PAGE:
Two sightings from Saturday, one with photos. First, from Karen in Arbor Heights:
This was taken in front of my neighbor’s house on 98th Ave SW between 37th & 39th (our backyards border Fauntleroy Park). This was my (indoor cat’s) first sighting of the year but normally we have a lot around here starting in October. I assume the warmer weather kept them away?
This coyote had black & gray fur but as you can see, they have lost (molted?) most of it so it must be freezing. At one point, he/she looked like a sweet fawn but I the doubt dog walkers thought that.
People stop & always are surprised they come out during the day. I see them head into the woods at night but I normally see them galloping all over the neighborhood during the day.
Hopefully, the family of seven raccoons living in my storm water drain stays safe (swimming in my community pool).
I have a virtual varmint zoo growing out of my backyard.
She said the coyote showed up around 1 pm on Saturday.
Via text, we received a report a few hours after that: “Very sick, mangy-looking coyote walking west on Thistle near 35th. Just now, very brave, must be desperate for food or warmth.”
Here again is the state’s info-sheet about coyotes and co-existing with them. Our online research suggests the fur problem would be more likely mange than molting, as the latter generally involves shedding winter coats when the weather warms up.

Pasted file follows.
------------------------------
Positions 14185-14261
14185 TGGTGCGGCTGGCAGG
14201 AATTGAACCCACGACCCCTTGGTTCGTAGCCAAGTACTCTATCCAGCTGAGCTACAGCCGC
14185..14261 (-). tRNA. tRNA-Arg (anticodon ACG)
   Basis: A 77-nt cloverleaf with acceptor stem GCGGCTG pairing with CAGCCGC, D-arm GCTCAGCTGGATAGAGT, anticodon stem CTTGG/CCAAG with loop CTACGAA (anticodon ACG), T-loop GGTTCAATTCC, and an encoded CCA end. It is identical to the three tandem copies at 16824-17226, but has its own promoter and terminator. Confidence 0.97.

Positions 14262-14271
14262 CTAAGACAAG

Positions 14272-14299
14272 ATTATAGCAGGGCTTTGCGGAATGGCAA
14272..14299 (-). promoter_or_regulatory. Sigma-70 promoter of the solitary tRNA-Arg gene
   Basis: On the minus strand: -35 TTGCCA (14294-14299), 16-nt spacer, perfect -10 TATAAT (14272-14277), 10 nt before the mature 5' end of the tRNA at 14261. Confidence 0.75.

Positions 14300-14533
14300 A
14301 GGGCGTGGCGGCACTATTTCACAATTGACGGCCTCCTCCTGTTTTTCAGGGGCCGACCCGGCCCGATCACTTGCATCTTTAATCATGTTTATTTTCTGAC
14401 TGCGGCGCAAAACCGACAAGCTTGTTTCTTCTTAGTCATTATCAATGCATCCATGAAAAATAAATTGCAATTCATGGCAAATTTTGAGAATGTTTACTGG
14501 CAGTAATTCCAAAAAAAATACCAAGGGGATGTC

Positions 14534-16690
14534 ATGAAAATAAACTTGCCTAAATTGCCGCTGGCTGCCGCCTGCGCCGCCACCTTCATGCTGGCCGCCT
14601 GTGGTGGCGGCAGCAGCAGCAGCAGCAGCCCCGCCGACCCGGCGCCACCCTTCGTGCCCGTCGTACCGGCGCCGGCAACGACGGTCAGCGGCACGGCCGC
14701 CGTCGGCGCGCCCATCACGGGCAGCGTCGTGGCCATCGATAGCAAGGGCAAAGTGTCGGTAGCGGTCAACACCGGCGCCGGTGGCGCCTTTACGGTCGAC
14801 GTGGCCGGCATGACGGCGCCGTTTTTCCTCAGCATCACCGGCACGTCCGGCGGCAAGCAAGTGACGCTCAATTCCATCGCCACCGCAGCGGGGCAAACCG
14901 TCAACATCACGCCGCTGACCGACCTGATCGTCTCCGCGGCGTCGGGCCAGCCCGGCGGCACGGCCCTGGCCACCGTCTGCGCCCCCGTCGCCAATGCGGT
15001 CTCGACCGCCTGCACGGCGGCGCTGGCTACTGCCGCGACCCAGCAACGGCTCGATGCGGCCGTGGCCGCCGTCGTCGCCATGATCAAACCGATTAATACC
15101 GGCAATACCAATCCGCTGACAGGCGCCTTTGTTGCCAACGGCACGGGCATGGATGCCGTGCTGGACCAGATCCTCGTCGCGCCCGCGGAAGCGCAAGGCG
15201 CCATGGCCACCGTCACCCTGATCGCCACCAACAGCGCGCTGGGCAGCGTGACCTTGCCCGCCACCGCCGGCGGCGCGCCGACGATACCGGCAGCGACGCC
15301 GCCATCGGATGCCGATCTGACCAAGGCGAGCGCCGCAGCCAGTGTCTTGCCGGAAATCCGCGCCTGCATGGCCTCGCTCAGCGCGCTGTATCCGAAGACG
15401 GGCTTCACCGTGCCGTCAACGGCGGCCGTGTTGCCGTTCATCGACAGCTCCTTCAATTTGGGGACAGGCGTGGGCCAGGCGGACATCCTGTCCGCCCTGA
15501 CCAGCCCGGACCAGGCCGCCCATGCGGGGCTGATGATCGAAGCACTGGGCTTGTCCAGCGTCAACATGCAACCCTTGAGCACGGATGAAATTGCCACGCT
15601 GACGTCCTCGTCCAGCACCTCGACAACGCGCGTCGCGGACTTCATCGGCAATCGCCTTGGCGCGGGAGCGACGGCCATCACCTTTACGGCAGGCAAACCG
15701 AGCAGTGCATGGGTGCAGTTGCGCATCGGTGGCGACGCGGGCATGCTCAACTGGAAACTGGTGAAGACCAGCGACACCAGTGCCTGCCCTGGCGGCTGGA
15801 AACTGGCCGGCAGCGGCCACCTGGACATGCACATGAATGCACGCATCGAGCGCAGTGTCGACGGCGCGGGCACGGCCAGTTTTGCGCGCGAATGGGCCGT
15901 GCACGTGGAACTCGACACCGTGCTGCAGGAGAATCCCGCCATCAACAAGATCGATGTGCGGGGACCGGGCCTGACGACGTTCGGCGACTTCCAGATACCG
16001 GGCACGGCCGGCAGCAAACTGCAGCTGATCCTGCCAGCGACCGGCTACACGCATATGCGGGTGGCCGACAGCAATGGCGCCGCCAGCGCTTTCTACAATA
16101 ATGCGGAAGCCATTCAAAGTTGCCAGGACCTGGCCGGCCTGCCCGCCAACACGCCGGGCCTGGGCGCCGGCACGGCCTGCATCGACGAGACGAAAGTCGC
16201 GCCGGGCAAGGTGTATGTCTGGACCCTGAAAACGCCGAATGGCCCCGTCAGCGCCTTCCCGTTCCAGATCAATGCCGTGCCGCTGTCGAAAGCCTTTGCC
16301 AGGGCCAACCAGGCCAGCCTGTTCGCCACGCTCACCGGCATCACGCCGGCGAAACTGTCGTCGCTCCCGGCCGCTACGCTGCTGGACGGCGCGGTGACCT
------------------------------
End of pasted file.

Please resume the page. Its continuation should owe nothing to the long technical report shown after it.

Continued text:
Suddenly we have three coyote reports to share – so here goes.
FROM JAF: A coyote crossed 35th SW at Brandon “at approximately 2 pm on 10/27. Poor thing ran east across 35th in traffic to get away from me (pulling in garbage cans). Luckily, cars stopped for it.”
Not long before that, and not too far away:
FROM JOHN … who included this photo:
He saw that coyote “at the corner of 37th and Graham, 1:20 pm today.”
And this happened around 11:30 last night:
FROM JOEY: “Coyote spotted on 34th running toward Barton and the P-Patch. On its way, it attacked a small animal (cat?). Horrible sounds. Little animal got away and ran toward west side of 34th.”
(The most important thing you can do if you see a coyote, the state reminds us on this info-sheet, is to scare it away – for its sake, for your sake, for pets’ sake. They’re everywhere – but they’ll keep their distance if they perceive it’s too risky to get close.)
The photo and report are from Sid:
I was having coffee this morning and saw a coyote stroll across my backyard. We live close to Seola Park. It walked around the side of the house and when I opened the door, it ran away into Marine View Drive.